The next thing I usually check for is blocking queries.  To get a high-level count of the number of blocked processes in your SQL Server instance you can use the following PowerShell command.

Get-Counter '\SQLServer:General Statistics\Processes blocked'

As you can see in the output below this command just gives us the number of blocked processes.

Timestamp              CounterSamples
---------              --------------
3/1/2018 11:21:15 PM   \\home-pc\sqlserver:general statistics\processes blocked : 1       

In order to get more details on the blocking processes we will have to use some T-SQL queries.  The following query will give you details on the blocked and blocking processes.

select * from
   (select blockeds.session_id,blockedr.blocking_session_id,start_time,blockedr.total_elapsed_time,
           case when blocking_session_id = 0 then 'HEAD' 
           else CAST(blockedr.session_id as varchar) end "blocked_by_session"
      from sys.dm_exec_sessions blockeds
      left join sys.dm_exec_requests blockedr ON 
             blockeds.session_id = blockedr.session_id) blocked
inner join 
   (select blockings.session_id,blockingr.blocking_session_id,start_time,
           case when blocking_session_id = 0 then 'HEAD'
           else CAST(blockingr.session_id as varchar) end "blocked_by_session"
      from sys.dm_exec_sessions blockings
      left join sys.dm_exec_requests blockingr ON 
             blockings.session_id = blockingr.session_id) blocking
on blocked.blocking_session_id=blocking.session_id;

Here is a sample out from this query.  I've just included they first few columns from the query result in the interest of space as they are required in the next step.

session_id blocking_session_id start_time              total_elapsed_time wait_type wait_time...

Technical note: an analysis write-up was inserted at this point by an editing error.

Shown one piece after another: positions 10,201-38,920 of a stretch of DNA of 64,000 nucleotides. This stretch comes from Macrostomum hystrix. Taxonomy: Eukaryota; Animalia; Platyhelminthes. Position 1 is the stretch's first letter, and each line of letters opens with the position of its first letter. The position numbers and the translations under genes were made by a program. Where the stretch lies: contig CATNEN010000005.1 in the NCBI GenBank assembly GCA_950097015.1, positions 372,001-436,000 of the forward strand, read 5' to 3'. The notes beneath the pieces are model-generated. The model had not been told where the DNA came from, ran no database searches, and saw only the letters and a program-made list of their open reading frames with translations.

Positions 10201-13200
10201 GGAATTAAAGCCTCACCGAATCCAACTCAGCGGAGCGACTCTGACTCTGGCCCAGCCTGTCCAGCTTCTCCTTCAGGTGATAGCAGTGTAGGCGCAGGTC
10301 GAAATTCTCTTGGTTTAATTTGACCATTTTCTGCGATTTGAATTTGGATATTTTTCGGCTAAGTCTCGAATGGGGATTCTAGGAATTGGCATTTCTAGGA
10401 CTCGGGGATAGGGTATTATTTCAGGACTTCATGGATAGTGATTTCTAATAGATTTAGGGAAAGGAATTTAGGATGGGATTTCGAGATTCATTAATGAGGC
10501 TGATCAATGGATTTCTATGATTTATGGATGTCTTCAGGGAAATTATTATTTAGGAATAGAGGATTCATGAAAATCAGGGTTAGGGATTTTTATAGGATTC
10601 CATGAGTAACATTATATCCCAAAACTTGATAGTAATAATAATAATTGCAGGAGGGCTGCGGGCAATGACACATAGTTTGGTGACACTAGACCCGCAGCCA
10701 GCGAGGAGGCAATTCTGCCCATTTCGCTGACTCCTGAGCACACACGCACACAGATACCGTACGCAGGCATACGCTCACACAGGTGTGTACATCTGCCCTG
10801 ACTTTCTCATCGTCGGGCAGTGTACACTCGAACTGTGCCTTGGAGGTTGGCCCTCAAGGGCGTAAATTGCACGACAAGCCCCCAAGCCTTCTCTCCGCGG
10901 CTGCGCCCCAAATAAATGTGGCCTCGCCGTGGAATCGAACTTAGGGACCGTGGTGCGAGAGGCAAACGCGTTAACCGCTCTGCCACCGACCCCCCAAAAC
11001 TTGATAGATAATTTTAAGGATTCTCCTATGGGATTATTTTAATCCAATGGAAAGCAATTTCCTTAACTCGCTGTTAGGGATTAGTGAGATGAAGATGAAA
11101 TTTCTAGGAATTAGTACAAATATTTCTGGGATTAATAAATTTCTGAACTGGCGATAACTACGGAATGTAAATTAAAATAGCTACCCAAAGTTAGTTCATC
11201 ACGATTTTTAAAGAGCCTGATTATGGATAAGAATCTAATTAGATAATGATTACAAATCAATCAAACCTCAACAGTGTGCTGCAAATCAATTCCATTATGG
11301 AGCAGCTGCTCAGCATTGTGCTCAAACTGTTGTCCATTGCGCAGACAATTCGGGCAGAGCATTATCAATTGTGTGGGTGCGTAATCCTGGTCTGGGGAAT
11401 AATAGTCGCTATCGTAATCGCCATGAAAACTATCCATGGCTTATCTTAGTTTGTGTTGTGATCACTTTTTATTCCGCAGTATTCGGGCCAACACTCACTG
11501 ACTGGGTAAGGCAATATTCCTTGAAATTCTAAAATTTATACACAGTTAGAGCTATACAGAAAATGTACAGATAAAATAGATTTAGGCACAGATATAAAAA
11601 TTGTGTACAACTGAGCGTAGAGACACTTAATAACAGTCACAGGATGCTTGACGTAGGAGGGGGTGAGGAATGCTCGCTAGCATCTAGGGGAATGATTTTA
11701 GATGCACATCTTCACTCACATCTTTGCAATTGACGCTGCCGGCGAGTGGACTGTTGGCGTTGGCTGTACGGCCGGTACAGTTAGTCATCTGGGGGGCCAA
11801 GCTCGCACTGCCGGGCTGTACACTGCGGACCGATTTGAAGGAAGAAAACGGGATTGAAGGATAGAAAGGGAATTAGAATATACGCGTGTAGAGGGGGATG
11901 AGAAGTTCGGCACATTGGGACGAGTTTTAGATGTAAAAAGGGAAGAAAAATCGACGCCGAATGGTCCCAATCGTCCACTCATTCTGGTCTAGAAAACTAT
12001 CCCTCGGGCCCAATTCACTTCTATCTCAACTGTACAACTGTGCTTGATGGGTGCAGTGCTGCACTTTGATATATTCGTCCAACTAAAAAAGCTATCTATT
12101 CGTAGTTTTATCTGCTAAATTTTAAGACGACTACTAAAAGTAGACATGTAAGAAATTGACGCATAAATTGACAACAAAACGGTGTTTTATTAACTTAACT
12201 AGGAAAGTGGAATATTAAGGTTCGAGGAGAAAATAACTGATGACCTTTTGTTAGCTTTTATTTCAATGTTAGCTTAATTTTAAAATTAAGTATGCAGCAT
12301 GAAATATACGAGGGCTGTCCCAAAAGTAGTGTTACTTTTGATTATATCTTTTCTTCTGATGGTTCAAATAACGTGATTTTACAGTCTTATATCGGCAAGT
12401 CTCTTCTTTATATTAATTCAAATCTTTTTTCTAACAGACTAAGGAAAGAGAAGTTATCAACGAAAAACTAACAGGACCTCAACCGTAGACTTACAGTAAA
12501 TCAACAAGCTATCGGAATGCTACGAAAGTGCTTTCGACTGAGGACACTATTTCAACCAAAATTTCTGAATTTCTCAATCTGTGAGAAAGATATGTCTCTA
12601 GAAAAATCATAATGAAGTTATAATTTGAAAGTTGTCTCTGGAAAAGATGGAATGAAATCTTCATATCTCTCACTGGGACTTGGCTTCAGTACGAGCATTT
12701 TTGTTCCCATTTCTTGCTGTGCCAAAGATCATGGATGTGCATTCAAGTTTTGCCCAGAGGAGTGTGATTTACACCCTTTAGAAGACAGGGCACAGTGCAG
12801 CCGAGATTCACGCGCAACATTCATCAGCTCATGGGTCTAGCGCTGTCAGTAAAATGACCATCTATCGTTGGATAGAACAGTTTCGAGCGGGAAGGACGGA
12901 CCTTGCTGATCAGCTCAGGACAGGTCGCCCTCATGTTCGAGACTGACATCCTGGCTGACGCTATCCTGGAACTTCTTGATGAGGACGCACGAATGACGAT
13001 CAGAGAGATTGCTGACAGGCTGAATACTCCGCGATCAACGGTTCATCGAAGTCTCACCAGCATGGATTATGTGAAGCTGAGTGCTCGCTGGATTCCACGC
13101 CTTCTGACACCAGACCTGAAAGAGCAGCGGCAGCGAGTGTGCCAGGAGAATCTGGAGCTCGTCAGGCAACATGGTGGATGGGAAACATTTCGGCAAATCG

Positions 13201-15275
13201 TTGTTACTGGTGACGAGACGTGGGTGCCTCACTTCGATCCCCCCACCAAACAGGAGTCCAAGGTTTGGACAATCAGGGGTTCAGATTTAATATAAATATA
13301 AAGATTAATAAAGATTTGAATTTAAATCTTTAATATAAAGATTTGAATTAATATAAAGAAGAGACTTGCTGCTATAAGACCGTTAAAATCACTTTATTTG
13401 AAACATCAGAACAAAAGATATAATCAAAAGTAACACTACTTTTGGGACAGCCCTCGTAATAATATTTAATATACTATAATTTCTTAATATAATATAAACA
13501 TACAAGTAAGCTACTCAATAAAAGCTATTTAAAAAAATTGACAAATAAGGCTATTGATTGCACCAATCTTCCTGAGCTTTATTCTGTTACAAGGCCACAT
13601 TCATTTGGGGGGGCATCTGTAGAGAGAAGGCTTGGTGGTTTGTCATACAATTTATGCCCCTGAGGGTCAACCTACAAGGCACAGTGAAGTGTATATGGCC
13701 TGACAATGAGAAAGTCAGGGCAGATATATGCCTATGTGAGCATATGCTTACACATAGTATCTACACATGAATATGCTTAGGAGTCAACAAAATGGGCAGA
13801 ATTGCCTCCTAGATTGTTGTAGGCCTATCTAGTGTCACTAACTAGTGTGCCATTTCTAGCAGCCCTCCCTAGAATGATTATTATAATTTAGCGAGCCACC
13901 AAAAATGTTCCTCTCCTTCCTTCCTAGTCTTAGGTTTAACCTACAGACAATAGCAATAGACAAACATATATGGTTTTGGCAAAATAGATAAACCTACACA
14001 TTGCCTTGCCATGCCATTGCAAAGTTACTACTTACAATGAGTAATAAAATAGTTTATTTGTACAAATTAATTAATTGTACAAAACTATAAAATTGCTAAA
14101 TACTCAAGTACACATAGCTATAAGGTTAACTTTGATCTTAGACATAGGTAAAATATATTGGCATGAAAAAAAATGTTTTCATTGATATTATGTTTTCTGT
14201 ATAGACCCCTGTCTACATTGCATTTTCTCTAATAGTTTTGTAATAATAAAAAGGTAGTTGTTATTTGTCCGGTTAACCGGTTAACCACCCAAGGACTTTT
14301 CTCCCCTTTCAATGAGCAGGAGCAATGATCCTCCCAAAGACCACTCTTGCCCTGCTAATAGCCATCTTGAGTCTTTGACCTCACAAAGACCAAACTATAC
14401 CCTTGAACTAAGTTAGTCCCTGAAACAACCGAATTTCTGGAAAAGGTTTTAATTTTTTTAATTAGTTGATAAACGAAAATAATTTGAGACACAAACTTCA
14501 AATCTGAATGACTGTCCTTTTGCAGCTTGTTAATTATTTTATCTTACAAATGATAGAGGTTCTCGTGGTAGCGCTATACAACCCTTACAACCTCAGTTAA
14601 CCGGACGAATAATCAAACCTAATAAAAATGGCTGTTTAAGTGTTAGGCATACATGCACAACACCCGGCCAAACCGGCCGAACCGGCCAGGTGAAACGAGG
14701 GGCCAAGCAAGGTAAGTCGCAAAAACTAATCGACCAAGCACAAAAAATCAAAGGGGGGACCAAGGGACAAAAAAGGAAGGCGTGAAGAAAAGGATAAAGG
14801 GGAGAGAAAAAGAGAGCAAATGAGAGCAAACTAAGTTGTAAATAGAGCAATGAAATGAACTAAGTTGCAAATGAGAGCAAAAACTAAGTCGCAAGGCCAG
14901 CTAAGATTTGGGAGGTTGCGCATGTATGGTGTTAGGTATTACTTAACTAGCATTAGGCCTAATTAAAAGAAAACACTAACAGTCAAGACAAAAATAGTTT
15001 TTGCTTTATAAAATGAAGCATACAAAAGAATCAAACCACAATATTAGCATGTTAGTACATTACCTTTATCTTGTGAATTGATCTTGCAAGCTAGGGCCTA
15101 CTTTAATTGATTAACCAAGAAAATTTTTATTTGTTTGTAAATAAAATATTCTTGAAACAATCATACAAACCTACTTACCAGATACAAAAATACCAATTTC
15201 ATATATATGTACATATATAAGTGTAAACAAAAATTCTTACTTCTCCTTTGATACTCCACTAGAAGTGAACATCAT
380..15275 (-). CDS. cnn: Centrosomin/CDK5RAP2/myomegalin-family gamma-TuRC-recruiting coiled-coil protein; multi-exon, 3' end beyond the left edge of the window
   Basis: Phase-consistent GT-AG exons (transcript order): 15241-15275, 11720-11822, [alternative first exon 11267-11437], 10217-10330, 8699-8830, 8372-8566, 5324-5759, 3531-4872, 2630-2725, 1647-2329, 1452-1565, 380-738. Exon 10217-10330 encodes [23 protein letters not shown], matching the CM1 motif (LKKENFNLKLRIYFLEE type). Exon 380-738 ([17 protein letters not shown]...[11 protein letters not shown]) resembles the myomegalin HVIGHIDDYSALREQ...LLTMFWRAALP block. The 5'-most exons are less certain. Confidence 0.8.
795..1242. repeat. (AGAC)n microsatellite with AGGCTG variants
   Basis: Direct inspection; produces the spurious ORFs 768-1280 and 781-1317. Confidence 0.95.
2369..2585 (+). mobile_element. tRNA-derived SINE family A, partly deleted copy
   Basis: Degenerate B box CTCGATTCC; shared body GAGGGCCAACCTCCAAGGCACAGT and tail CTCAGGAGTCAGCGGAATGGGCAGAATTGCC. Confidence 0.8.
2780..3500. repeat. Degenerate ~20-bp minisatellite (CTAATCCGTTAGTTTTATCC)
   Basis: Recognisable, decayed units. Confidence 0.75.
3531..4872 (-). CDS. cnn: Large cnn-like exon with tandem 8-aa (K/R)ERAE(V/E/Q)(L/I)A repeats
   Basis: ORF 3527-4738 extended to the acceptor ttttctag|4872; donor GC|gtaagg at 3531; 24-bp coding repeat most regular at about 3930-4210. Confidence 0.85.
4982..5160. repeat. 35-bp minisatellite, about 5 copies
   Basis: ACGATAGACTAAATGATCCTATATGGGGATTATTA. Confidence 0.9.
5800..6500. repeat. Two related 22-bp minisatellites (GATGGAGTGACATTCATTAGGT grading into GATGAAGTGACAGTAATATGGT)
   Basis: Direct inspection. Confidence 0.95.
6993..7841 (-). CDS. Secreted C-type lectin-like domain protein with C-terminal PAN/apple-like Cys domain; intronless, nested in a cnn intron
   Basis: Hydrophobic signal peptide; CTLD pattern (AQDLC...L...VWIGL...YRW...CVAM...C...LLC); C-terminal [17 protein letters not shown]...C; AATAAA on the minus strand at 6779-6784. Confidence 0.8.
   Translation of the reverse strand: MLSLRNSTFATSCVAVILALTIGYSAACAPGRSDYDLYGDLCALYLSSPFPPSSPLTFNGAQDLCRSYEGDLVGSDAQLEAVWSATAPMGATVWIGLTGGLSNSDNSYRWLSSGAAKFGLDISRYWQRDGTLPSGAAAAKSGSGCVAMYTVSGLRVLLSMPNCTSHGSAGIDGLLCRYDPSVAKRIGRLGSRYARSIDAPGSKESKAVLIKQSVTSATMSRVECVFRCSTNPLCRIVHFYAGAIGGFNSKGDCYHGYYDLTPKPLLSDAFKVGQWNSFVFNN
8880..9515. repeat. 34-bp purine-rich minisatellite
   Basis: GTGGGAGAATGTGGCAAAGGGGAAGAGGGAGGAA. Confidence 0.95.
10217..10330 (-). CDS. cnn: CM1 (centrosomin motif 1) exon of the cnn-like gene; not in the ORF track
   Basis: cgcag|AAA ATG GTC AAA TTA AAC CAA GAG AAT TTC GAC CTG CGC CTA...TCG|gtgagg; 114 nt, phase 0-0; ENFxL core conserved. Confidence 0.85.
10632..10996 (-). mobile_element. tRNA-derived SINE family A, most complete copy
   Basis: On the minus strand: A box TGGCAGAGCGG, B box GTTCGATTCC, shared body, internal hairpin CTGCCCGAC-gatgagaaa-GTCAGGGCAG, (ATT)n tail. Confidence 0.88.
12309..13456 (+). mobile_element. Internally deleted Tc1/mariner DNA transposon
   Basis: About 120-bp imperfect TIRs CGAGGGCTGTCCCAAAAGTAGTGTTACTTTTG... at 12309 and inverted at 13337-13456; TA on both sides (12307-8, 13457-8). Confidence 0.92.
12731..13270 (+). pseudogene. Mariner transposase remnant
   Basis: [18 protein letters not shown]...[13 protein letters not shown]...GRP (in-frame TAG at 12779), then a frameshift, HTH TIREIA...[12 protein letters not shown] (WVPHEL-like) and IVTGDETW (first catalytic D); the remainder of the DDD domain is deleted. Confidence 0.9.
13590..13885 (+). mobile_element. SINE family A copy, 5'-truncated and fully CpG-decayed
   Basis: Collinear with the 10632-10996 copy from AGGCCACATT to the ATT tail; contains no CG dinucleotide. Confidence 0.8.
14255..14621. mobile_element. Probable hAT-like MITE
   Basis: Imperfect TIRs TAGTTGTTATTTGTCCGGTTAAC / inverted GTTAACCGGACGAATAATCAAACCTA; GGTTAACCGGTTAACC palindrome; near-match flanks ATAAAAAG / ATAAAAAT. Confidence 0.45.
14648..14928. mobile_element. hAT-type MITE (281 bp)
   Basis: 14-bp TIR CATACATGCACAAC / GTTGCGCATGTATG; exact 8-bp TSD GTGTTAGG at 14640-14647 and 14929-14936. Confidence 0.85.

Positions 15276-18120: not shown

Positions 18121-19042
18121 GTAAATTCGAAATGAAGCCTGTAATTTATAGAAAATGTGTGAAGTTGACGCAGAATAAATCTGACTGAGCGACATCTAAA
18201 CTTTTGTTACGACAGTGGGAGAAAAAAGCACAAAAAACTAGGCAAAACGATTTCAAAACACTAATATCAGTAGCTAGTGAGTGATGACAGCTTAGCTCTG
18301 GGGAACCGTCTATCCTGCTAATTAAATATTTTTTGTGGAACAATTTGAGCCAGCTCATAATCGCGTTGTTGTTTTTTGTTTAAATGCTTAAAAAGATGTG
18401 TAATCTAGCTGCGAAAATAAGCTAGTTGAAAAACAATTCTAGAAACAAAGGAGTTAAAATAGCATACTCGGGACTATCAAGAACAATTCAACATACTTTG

---------- ------------------- ----------------------- ------------------ --------- ---------
56         55                  2018-03-01 10:58:25.117 7255               LCK_M_S   7254 

Once you have the session_id's of the processes involved in the blocking (from the session_id and blocking_session_id columns above) you can run the following query to identify the last query run by each session.  More details on this query can be found in this tip.

select most_recent_session_id as session_id,dest.text as query
  from sys.dm_exec_connections sdec
cross apply sys.dm_exec_sql_text(sdec.most_recent_sql_handle) AS dest 
where sdec.most_recent_session_id IN (55,56);

After running this query we can see below that an update has yet to commit and it is blocking a select query.

session_id query
---------- -----------------------------------------------------------------------
55         begin transaction  update testtable_bigint set col1=23 where pk_col=10;
56         (@1 tinyint)SELECT * FROM [testtable_bigint] WHERE [pk_col][email protected]

Check for long running queries

Similar to the previous check the next thing I check for is any long running queries. Usually this will point to either a poorly written query or a query that has missing indexes on the table and is doing a full table scan.  The following query will show you any queries that have been running in your SQL Server instance for longer than 5 seconds (this of course can be changed).  It will also give you the explain plan for the queries returned.

select session_id,start_time,total_elapsed_time,wait_type,wait_time,
       case when blocking_session_id = 0 then 'N\A' 
       else CAST(session_id as varchar) END "blocked_by_session",
  from sys.dm_exec_requests CROSS APPLY sys.dm_exec_sql_text(sql_handle) AS sqltext
CROSS APPLY sys.dm_exec_query_plan(plan_handle) as sqlplan
where status not in ('sleeping','background')
   and total_elapsed_time > 5000; -- 5 seconds

Below is a sample output from this query

session_id start_time              total_elapsed_time wait_type wait_time cpu_time reads writes  logical_reads blocked_by_session text                                         query_plan
---------- ----------------------- ------------------ --------- --------- -------- ------ ------ ------------- ------------------ -------------------------------------------- -------------------------------------------------------------